Recombinant Human Thrombopoietin (E. coli-expressed), CF Summary
CF stands for Carrier Free (CF). We typically add Bovine Serum Albumin (BSA) as a carrier protein to our recombinant proteins. Adding a carrier protein enhances protein stability, increases shelf-life, and allows the recombinant protein to be stored at a more dilute concentration. The carrier free version does not contain BSA.
In general, we advise purchasing the recombinant protein with BSA for use in cell or tissue culture, or as an ELISA standard. In contrast, the carrier free protein is recommended for applications, in which the presence of BSA could interfere.
|Formulation||Lyophilized from a 0.2 μm filtered solution in PBS with Trehalose.|
|Reconstitution||Reconstitute at 100 μg/mL in PBS.|
|Shipping||The product is shipped with polar packs. Upon receipt, store it immediately at the temperature recommended below.|
|Stability & Storage:||Use a manual defrost freezer and avoid repeated freeze-thaw cycles.
Recombinant Human Thrombopoietin/Tpo (Catalog # 288-TPE)stimulates proliferation in the MO7e human megakaryocytic leukemic cell line.The ED50 for this effect is 0.05-0.5 ng/mL, which is more than 2-fold more active than two competitors'.
2 μg/lane of Recombinant Human Thrombopoietin/Tpo was resolved with SDS-PAGE underreducing (R) and non-reducing (NR) conditions and visualized by Coomassie® Bluestaining, showing bands at 19 kDa and 18 kDa, respectively.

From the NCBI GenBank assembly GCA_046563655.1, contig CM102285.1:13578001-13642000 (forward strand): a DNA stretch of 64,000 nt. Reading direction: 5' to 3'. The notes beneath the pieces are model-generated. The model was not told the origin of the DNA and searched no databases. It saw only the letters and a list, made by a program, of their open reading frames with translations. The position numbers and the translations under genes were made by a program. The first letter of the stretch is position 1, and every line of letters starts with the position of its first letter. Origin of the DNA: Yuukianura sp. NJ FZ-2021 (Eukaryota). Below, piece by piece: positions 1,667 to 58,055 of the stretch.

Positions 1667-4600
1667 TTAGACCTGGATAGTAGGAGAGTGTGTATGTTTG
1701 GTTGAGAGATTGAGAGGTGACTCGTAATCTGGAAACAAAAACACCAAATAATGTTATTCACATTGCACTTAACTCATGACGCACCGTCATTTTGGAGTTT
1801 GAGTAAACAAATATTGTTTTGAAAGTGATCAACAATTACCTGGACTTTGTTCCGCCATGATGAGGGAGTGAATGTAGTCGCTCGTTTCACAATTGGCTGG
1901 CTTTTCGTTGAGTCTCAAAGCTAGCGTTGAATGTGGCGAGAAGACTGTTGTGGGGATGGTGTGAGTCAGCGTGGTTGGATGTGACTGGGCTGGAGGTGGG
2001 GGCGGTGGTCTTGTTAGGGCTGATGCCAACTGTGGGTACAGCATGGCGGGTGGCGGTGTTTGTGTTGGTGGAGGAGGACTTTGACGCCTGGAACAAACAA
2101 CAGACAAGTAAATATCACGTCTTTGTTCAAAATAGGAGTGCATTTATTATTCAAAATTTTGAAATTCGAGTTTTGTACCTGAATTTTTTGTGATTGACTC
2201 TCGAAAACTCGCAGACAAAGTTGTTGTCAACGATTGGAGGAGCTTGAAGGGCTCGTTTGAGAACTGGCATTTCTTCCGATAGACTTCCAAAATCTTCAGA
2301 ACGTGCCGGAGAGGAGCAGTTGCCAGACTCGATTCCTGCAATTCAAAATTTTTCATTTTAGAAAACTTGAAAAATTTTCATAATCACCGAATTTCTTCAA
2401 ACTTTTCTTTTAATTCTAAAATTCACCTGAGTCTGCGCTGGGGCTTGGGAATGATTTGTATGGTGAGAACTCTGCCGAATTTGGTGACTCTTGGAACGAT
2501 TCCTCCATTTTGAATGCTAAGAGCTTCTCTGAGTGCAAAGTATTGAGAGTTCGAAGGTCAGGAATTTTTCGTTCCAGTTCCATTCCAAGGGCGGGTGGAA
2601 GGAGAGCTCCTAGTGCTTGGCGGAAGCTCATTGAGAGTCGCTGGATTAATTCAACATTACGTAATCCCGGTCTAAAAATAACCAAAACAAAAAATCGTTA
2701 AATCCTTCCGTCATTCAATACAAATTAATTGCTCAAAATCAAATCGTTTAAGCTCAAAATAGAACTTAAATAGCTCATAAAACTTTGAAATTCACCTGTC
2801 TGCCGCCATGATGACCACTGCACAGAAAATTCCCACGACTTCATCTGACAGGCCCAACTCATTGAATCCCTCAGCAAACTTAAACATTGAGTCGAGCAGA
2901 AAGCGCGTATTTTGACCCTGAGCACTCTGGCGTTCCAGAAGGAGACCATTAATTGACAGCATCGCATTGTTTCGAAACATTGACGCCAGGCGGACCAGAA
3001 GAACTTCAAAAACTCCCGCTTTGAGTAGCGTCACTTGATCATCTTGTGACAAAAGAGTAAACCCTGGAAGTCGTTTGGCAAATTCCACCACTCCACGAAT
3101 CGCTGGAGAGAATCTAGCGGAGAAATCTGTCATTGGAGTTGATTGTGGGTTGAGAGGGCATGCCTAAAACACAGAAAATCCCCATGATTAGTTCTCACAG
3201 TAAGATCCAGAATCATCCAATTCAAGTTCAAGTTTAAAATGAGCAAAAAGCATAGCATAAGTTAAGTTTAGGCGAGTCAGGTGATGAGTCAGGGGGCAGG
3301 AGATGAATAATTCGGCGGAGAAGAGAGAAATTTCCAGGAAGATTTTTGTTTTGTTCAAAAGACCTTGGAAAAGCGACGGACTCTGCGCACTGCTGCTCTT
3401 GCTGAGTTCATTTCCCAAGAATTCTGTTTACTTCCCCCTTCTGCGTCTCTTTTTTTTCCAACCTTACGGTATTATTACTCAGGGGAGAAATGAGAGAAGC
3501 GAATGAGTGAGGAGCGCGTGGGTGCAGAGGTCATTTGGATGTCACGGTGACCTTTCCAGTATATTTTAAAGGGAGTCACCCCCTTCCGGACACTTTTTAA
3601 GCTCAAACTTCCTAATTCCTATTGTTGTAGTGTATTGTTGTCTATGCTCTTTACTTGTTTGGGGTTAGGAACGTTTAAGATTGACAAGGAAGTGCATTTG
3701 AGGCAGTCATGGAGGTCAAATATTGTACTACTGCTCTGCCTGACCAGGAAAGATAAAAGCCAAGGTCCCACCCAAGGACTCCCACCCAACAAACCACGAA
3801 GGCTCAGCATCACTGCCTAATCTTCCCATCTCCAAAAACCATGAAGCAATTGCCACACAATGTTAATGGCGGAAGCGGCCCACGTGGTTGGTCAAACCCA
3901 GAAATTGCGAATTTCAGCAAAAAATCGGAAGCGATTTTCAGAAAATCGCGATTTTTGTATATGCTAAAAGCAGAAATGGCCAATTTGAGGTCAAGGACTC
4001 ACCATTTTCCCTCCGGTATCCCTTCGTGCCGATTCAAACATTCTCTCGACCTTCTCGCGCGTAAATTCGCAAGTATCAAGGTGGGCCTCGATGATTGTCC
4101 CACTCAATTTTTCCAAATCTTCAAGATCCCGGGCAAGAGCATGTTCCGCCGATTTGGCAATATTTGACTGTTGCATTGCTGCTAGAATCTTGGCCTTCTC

Thrombopoietin (Tpo), is a key regulator of megakaryocytopoiesis and thrombopoiesis. It is principally produced in the liver and is bound and internalized by the receptor Tpo R/c-mpl. Defects in the Tpo-Tpo R signaling pathway are associated with a variety of platelet disorders (1-3). The 353 amino acid (aa) human Tpo precursor is cleaved to yield the 332 aa mature protein. Mature human Tpo shares approximately 70% aa sequence homology with mouse and rat Tpo. It is an 80‑85 kDa protein that consists of an N‑terminal domain with homology to Erythropoietin (Epo) and a C‑terminal domain that contains multiple N‑linked and O-linked glycosylation sites (4, 5). Tissue specific alternate splicing of human Tpo generates multiple isoforms with internal deletions, insertions, and/or C‑terminal substitutions (6). Tpo promotes the differentiation, proliferation, and maturation of MK and their progenitors (4, 5, 7). Several other cytokines can promote these functions as well but only in cooperation with Tpo (8, 9). Notably, IL-3 independently induces MK development, although its effects are restricted to early in the MK lineage (8, 9). Tpo additionally promotes platelet production, aggregation, ECM adhesion, and activation (10-13). It is cleaved by platelet-derived thrombin following Arg191 within the C‑terminal domain and subsequently at other sites upon extended digestion (14). Both full length Tpo and shorter forms circulate in the plasma, with the shorter, N‑terminal EPO-like domain forms showing significantly increased specific activity (4, 5, 15). The C‑terminal domain is not required for binding to Tpo R or inducing MK growth and differentiation (5). Aside from its hematopoietic effects, Tpo is expressed in the brain where it promotes the apoptosis of hypoxia-sensitized neurons and inhibits neuronal differentiation by blocking NGF induced signaling (16, 17).
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